After an auto accident, you may be wondering how a pre-existing injury might affect your claim. You are not alone. Most personal injury clients at Taylor King and Associates have some history of other injuries. If you don’t disclose the injury initially, a pre-existing injury can negatively affect your personal injury claim in Arkansas, but it doesn’t have to. While you can’t receive compensation for injuries that occurred before the auto accident, you can still be compensated if the accident made those injuries worse.
If you’ve been the victim of a car accident and sustained injuries in Arkansas, the personal injury lawyers at Taylor King and Associates recommend asking for a free consultation. A personal injury lawyer will give you solid advice on how to proceed, especially in a more complex situation with pre-existing injuries. Be sure to disclose your pre-existing injuries during your initial meetings. This helps your attorney prepare your case based on ALL the information, ensuring you will be fairly compensated for the injuries you sustained in the car accident.
Step One: Tell the Truth
If you were already injured before the accident, it’s important to tell to your lawyer and the insurance company, even though you didn’t sustain that particular injury in the accident. If you conceal this information from your insurance company and they find out later – which is very likely – it will mar your credibility and negatively affect your claim. The company could claim that since you lied about your pre-existing injury, you may be lying about your other injuries as well.
If you have to go to court with your personal injury claim, the jury or adjuster may doubt the accuracy of your current injury claims when they learn that you downplayed your earlier injuries. This brings us to the golden rule of legal claims: Never try to cover up the details, whether or not you you think they’re important to your case.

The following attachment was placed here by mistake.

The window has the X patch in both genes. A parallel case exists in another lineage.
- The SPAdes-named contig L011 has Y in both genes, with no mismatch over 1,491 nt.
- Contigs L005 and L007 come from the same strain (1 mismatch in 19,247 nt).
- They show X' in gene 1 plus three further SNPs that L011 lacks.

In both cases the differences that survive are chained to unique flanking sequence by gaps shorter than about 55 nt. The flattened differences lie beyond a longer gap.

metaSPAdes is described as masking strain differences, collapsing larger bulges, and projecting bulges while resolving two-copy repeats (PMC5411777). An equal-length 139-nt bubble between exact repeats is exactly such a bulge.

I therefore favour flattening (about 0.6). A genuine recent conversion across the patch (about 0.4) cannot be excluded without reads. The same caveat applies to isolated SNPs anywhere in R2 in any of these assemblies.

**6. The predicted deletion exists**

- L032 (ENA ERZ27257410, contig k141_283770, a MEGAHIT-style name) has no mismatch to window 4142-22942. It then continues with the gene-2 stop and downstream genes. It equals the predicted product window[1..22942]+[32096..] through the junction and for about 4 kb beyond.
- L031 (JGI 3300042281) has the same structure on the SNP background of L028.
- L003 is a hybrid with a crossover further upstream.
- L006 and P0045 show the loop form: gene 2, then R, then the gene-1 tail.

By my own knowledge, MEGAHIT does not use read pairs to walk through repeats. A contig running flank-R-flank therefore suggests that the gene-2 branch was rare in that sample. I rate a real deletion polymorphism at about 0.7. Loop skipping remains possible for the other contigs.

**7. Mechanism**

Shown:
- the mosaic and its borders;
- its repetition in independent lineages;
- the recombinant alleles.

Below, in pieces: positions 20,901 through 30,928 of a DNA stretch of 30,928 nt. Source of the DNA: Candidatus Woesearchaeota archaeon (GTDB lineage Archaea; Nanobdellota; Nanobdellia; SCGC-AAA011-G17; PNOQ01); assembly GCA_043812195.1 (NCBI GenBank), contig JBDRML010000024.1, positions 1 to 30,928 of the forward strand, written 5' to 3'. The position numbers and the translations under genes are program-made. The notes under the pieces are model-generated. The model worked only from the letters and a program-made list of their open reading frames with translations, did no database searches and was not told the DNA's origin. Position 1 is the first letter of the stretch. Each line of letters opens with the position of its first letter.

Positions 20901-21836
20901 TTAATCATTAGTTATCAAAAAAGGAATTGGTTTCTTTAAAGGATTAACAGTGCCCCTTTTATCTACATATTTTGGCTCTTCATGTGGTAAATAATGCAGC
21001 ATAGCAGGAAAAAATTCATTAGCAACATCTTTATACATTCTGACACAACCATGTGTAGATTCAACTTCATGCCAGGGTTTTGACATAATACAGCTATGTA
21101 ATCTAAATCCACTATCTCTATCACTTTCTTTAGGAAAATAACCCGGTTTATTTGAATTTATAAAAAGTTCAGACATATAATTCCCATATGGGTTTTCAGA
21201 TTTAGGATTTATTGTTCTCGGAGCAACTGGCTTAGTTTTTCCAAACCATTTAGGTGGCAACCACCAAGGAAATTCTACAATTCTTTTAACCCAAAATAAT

Step Two: Make the Connection
Your pre-existing injuries actually do matter to your current case. Those prior injuries could have weakened your body, making you more vulnerable to injuries in the accident. For example, in a low-impact auto accident, a person without pre-existing injuries might walk away from the accident with no injuries, while a person whose shoulder had already been dislocated might experience another shoulder injury. If you don’t disclose that pre-existing shoulder injury, the court may doubt your claim that a low-impact accident could have caused the injury. Without all the information, the court cannot fairly award you compensation. In the worst-case scenario, you might lose the case and receive no compensation.
In Arkansas and other states in the US, there is an existing law to award damages when an auto accidents aggravates pre-existing injuries. This statute can only apply if you disclose those prior injuries!
Step Three: Supply Medical Evidence
Medical evidence, including records and tests like x-rays and MRI scans, is a vital part of proving your case when a pre-existing injury is involved. When you seek treatment after the car accident, tell your doctor about your personal injury claim. Ask your doctor to keep notes, creating a written narrative that can be used for evidence if your claim goes to court. The Arkansas personal injury lawyers at Taylor King and Associates will use your past medical records and tests and compare them with existing ones to prove that the accident aggravated your conditions.